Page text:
Sunday, April 27, 2008

Egyptian Gods, Goddesses and Mythology

Ancient Egyptian society treated men and women equally. Women participated in the political, economic, and judicial world of ancient Egypt on the same terms as men. This social system reflects Egyptian mythology, where Goddesses played an equal, if not chief, role. The primeval mother figures in the earliest prehistoric Egyptian myths are female. Female deities were kept separate from the males, with their own temples and followers. Egyptian goddesses are also creator deities, and the protectors of the pharaohs in the form of the cobra, vulture, or lioness.
In ancient Egyptian mythology, Egypt was created from the Watery Waste of Nun, a chaos god from whose body all things were born. The continuous mission of the daily temple services and strictly followed religious codes was to keep ordered Egyptian society from returning to the state of chaos in which it was born. Ma'at, the goddess in charge of law, balance and order, was one of the principal deities.
The two "protectors of the realm" of Egypt were originally Nekhbet, vulture goddess of Northern Egypt, and Wadjet, cobra goddess of Lower Egypt. The cobra and the vulture were chosen by the Egyptians as the royal symbols because they were thought to be self-producing and therefore creators, or divine.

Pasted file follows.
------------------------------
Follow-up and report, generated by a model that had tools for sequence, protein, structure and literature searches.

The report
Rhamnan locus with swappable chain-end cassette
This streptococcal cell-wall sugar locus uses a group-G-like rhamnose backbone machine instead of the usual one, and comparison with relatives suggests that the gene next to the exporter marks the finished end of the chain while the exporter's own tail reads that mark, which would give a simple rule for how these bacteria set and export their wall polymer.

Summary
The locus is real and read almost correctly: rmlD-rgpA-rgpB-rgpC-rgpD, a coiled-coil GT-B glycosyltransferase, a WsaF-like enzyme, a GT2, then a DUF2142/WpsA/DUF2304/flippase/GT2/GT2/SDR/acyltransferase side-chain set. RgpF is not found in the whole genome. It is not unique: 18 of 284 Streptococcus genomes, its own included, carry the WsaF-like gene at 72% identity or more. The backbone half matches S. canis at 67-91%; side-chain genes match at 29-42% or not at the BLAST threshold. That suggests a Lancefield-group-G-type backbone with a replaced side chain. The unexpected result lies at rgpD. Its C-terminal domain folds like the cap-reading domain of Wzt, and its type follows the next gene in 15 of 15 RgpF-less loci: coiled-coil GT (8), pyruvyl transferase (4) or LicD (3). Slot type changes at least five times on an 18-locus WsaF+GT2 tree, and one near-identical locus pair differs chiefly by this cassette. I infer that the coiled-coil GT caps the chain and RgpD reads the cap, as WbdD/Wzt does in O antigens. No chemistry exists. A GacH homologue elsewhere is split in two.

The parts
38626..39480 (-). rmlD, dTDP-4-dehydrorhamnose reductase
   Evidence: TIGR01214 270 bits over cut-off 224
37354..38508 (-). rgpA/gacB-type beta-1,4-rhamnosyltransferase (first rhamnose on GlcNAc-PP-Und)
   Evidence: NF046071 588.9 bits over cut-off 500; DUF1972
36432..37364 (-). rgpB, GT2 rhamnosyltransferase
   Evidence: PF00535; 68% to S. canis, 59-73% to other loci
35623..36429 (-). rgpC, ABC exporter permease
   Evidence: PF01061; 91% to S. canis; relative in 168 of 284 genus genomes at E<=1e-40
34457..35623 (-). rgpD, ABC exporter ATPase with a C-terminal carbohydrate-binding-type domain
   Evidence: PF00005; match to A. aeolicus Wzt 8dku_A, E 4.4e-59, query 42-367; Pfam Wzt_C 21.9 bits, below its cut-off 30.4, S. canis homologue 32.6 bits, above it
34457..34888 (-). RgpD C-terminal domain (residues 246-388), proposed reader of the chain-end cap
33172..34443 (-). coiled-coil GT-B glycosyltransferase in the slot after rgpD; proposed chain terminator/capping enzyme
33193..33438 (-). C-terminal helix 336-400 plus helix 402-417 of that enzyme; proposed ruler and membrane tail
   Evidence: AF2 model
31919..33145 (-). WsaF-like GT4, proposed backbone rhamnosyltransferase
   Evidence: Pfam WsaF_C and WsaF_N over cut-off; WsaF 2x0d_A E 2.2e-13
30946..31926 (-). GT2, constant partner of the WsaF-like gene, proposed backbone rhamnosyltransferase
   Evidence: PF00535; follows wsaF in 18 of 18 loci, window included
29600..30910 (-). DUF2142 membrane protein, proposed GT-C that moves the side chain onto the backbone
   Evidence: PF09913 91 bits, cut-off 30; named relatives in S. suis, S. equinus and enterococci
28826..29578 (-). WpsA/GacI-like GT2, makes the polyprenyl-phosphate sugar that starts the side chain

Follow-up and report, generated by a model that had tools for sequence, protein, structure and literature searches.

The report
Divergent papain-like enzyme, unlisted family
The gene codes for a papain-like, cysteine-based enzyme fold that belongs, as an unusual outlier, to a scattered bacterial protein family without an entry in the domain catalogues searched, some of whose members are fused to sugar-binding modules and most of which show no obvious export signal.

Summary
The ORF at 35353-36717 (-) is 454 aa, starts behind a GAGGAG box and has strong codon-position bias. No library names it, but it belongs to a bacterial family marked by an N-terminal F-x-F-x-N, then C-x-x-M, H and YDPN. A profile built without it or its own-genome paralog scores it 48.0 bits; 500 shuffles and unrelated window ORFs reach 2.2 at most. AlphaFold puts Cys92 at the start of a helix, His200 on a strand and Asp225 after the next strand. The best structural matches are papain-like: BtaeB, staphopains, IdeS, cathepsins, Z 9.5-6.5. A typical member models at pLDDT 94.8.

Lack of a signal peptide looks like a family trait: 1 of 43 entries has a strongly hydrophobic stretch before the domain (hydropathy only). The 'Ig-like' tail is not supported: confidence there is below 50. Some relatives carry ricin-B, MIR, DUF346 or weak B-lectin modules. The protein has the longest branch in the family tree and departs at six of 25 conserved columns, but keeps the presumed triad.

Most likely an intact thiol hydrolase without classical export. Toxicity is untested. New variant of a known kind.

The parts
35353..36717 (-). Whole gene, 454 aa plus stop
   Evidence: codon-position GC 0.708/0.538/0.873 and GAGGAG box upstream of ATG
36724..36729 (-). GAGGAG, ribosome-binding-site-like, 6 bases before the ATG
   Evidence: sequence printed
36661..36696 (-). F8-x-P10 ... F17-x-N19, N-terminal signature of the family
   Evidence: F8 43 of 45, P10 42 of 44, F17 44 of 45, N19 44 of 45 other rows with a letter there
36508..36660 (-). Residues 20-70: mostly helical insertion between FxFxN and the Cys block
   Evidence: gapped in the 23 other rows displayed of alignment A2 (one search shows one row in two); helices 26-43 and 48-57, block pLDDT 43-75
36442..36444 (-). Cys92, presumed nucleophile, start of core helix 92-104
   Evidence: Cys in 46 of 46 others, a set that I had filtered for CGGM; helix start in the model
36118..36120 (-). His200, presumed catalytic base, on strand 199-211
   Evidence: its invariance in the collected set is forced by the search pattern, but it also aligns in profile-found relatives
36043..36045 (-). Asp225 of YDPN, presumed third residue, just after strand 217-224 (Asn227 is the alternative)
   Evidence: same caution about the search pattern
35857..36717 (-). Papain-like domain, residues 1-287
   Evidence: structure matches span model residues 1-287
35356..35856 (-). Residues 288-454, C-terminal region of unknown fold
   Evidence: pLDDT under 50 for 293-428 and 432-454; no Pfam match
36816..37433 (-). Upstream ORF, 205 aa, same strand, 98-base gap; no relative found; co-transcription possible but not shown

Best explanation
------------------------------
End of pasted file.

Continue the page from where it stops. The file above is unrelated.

Egyptian mythology is a complex collection of often-competing stories, traditions, and practices. This is partly because the culture is so ancient, and partly because each city had its own set of deities, whose unique personalities are lost as their cults age. Just as each city vied for supreme power before Egypt was a unified kingdom, the cities each tried to establish their gods as the supreme gods. Even after unification, each time the capital moved, the supreme god of the new city rose to be the supreme god of the kingdom.[2]
There are many versions of the stories about Egyptian gods and goddesses. Here's a myth which tells a story related to creation and will introduce you to many gods. You may either read, or listen to the story